Chat @ Care-giving: Nothing Happens in a Vacuum

There’s no one thing about caring for my elderly family members that’s difficult, it’s all the things that make it tough. All the things at the same time, that is.  Can you identify with that?

As I write this, I’m planning for a weekend trip to Temple to visit my Aunt Edie, my ninety-one year old maiden aunt who’s on hospice.  Though she’s still living independently, the cancer is carrying her downhill rapidly.  I call her everyday and the last few times we’ve spoken, I realized she’s slurring her words more with each call.  Soon the nieces will be dividing up the responsibility of staying with her twenty-four hours a day.  This is no burden.  She’s been a true joy to me all of my life, but I do wonder how I’ll juggle the rest of my responsibilities.

Mom will be going with me on this trip, because it may be their last Mother’s Day together.  The two are not just sisters, but also one another’s best friend, yet Mom’s own condition will keep her out of the rotation, when the nieces divide up the coming weeks.  She walks with a cane.  Her hands are rendered helpless by arthritis.  She rarely drives and when she does, it’s only in her immediate neighborhood.  Still she manages to take care of herself and dad, as long as she has some help from me – and how will I offer that help, when I’m at Aunt Edie’s bedside.

On Monday, Mom will have dental surgery.  Her internist insisted she have a stress test before the surgery to insure she was healthy enough.  She was, but just barely, because as soon as she’s healed enough from the surgery, we must go to her heart specialist and decide what to do about the reduction her heart’s functionality.  Most likely, we will need to replace her worn out stents, but who will take care of Dad while she’s in the hospital and at home recuperating?

Dad has no immediate threats.  We need to get him to the pain clinic for another shot, but otherwise he’s in no danger.  But he’s ninety and he does little for himself.  He can take himself to the bathroom and shave, but Mom bathes him, helps dress him and manages everything else about his life, while he sits quietly in his chair.  We can leave him alone for an hour or so, but while Mom and I are in Temple, we have to make arrangements for his care.

Hindsight is so clear.  I began suggesting my parents move to assisted living a few years ago.  They were not incapacitated, but I didn’t want them to have to make the move in a rush.  I wanted them to have choices and participate in the decision-making.  Very recently, Mom agreed to start the process of looking for a retirement center, but only after she got the dental surgery out-of-the-way and that was before we found out about the heart issues.  If they were already there, it would solve so many other issues, but would it have been right to push them into doing something they were not yet willing to face?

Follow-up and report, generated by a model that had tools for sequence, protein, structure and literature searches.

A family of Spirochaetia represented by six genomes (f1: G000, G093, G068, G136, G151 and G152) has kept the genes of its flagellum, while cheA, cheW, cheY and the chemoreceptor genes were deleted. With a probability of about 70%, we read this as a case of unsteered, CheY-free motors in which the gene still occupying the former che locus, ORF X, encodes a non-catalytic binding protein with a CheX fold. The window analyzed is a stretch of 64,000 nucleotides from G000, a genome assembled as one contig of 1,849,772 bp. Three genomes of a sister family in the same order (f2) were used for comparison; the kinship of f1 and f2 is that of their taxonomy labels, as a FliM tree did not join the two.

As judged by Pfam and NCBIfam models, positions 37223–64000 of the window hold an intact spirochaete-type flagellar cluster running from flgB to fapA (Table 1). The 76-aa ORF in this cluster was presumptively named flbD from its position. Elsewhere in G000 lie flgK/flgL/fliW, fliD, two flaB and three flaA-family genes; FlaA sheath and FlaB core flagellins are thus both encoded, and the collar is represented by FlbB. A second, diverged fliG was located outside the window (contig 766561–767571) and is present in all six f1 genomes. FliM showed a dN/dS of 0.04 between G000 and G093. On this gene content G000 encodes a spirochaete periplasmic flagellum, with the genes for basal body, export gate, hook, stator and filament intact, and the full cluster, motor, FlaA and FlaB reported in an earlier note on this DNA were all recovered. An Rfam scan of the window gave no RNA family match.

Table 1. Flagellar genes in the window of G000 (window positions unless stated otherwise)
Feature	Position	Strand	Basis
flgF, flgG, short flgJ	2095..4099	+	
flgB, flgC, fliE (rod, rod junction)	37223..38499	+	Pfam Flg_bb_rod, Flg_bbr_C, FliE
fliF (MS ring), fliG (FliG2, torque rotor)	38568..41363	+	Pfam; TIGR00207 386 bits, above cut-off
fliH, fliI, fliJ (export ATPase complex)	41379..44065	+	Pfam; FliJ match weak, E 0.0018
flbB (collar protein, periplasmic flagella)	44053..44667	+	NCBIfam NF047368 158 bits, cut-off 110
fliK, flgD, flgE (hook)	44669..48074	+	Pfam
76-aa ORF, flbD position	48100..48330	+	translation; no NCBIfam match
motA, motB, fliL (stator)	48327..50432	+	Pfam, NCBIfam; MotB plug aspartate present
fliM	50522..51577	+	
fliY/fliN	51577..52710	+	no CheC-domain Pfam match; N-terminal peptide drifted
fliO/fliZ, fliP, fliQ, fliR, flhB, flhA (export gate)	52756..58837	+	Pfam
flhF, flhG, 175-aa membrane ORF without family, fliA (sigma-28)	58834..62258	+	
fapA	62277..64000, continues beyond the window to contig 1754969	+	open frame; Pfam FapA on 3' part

As I sit here writing this, I do not know how I am going to juggle it all.  How will I be there for Aunt Edie, as well as Mom and Dad?  How will I keep house for my husband and be a wife to him?  How will I keep writing, maintain my blog and continue to send out queries to literary agents?  What if someone does want to represent me and we start working toward publication?  Will I be able to meet the deadlines that will lead to my dream?  How will I find time to be a friend to my friends?  How will I nourish my spiritual life which glues everything else together?

Even as I wonder how I will structure my life in the coming days, I count my blessings.  My husband provides well for me, so that I do not have to go to a 9-5 job five days a week, deal with a boss breathing down my neck and wonder how I’ll pay the rent.  There are no children or grandchildren for me to worry about.  My care-giving responsibilities are challenging, but they could be even more so, if my husband’s parents were also in need.  My own health is robust, as is my husband’s.  I have so much to be thankful for – and yet… And yet.

How do you do it?  Those of you who do work 9-5, have kids of your own and fight your own health battles?  When faced with many issues, any one of which could take up all of your resources, how do you juggle them all?

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